Irreligious Thought #2: On The Unseen Work of God



Irreligious Thought: George MacDonald said it is the unseen which has the most influence on us.

A few weeks ago I was in a book either written by C.S. Lewis or about him and he said that MacDonald thought what influences us the most is unseen. The context is unknown. And I’ve no idea what the implications or occasion for him saying is. But it immediately rang true.

I’ve always labored under the idea that what influences me the most is easily seen and delineated. Our spiritual lives are like mathematics or machines definable. I look at my life and add up the things I do plus the things I see God do for me and mine and I get the sum total of our spirituality. Then I point to it and say, “Here is God working (or not).” Worse yet, I do it to others.

I’ve been in ministry too long to think I am all alone in this. There are others, believers in the gospel of grace, who assume that if they cannot see God moving, he cannot be. But if we were to stop and think about our lives – all its parts and all the variables – we might think differently. We see so little.

Just as we cannot see the depths of our sin, mercifully, we cannot always see all the work of The Spirit in us. What makes us think we can? We cannot see The Spirit, himself. We cannot see our sinfulness in full measure. We cannot see our soul in all its glory. Why are we so quick to think the Spirit is not moving and changing, working and rearranging our self, just because we cannot always see it happening?

Maybe the very longing to see is the sign we need to know he is working.

Sure, we know there are outward manifestations of his work in works of holiness and the keeping of commands. Yes, there are affections bubbling up from thankful hearts. But all of that can be made counterfeit. Every man, chaste by a work of the Spirit has seen other men driven to the same by pride or tradition. Every gossip can be silenced by love for Christ or by simply being above it all. Either results in the eye seeing the same result.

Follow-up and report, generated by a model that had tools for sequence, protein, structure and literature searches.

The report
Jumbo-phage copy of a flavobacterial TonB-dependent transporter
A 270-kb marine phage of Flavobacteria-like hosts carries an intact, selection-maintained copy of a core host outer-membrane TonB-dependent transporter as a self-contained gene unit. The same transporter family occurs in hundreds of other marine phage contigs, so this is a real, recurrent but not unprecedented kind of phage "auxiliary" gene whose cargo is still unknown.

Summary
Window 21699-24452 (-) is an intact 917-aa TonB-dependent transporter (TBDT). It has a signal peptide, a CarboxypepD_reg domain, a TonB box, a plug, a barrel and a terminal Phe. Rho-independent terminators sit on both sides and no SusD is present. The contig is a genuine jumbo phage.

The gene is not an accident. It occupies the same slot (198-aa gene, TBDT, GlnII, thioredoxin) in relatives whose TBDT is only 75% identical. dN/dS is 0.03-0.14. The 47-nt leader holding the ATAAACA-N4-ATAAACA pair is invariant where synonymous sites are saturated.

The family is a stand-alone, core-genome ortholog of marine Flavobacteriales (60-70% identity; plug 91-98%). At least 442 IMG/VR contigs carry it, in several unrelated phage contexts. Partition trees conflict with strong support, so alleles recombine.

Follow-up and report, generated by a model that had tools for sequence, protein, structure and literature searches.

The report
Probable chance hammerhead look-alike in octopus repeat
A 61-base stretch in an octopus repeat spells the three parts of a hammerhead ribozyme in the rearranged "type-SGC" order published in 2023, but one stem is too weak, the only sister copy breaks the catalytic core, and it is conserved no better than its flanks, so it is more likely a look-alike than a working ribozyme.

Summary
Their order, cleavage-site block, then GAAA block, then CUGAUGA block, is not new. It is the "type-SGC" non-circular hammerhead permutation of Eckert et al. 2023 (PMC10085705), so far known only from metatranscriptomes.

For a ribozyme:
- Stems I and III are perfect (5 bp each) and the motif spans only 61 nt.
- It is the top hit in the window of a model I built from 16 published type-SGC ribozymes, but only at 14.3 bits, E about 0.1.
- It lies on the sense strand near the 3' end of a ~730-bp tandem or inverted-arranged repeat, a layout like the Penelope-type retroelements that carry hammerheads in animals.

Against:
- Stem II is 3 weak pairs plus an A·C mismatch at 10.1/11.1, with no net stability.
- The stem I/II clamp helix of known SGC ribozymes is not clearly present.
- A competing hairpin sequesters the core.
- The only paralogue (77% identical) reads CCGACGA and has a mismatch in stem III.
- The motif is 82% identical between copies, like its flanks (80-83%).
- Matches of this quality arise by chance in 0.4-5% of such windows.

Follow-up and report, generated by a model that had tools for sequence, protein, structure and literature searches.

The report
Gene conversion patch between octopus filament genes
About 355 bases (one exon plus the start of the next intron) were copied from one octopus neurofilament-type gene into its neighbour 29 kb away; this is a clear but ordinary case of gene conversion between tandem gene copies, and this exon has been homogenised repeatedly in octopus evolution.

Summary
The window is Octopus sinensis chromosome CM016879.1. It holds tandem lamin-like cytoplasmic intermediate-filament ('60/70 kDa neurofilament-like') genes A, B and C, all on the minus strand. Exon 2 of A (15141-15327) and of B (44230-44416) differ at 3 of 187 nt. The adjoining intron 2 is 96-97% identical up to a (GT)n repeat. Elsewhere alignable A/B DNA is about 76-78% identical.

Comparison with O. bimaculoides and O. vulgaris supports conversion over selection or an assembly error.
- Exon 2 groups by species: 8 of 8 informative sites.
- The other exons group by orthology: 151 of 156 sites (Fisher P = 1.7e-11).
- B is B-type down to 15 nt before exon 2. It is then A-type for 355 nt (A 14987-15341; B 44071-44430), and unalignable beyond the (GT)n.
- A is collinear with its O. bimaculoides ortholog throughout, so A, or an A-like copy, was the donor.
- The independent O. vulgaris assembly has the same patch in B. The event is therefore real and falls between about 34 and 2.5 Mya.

In Romans 8:28 we are clearly told all things are working for the good of those who love God and are called according to his purpose. OK, so far so good. Everyone loves this verse. But what about when you are cold towards God and his word for a season? Like Winter. The whole winter. Is he still working for your good? Is he still working for your good when your prayers fail to leave your lips? What about when anger is welling up inside you towards the one who i supposed to be working for you? What about when you can see nothing of his work in your life? Is he still working for your good when you cannot see it?

I would argue that even in the midst of committing sins, for which Christ had to die, the Spirt of Christ is rejoicing over us with songs of joy and influencing us for good. Sound like a stretch? Do you not think that God was working so as to influence for good those who were in the midst of killing Jesus? We see so little.

The good news here is not that we no longer need to manifest the works of light in a world of darkness. The good news is that God is working in us even when we cannot see it. Even in our dark nights with no dawn in sight. Even when we cannot feel the Spirit working…as if we always would know what the contours and curves and angles of his work would feel and look like.

The plumb line is not what we can see but what we know of God. And he has promised to work. He has promised to work through the preached word. He has promised to work through the sacraments and he has promised to work for our good even when we cannot see the good.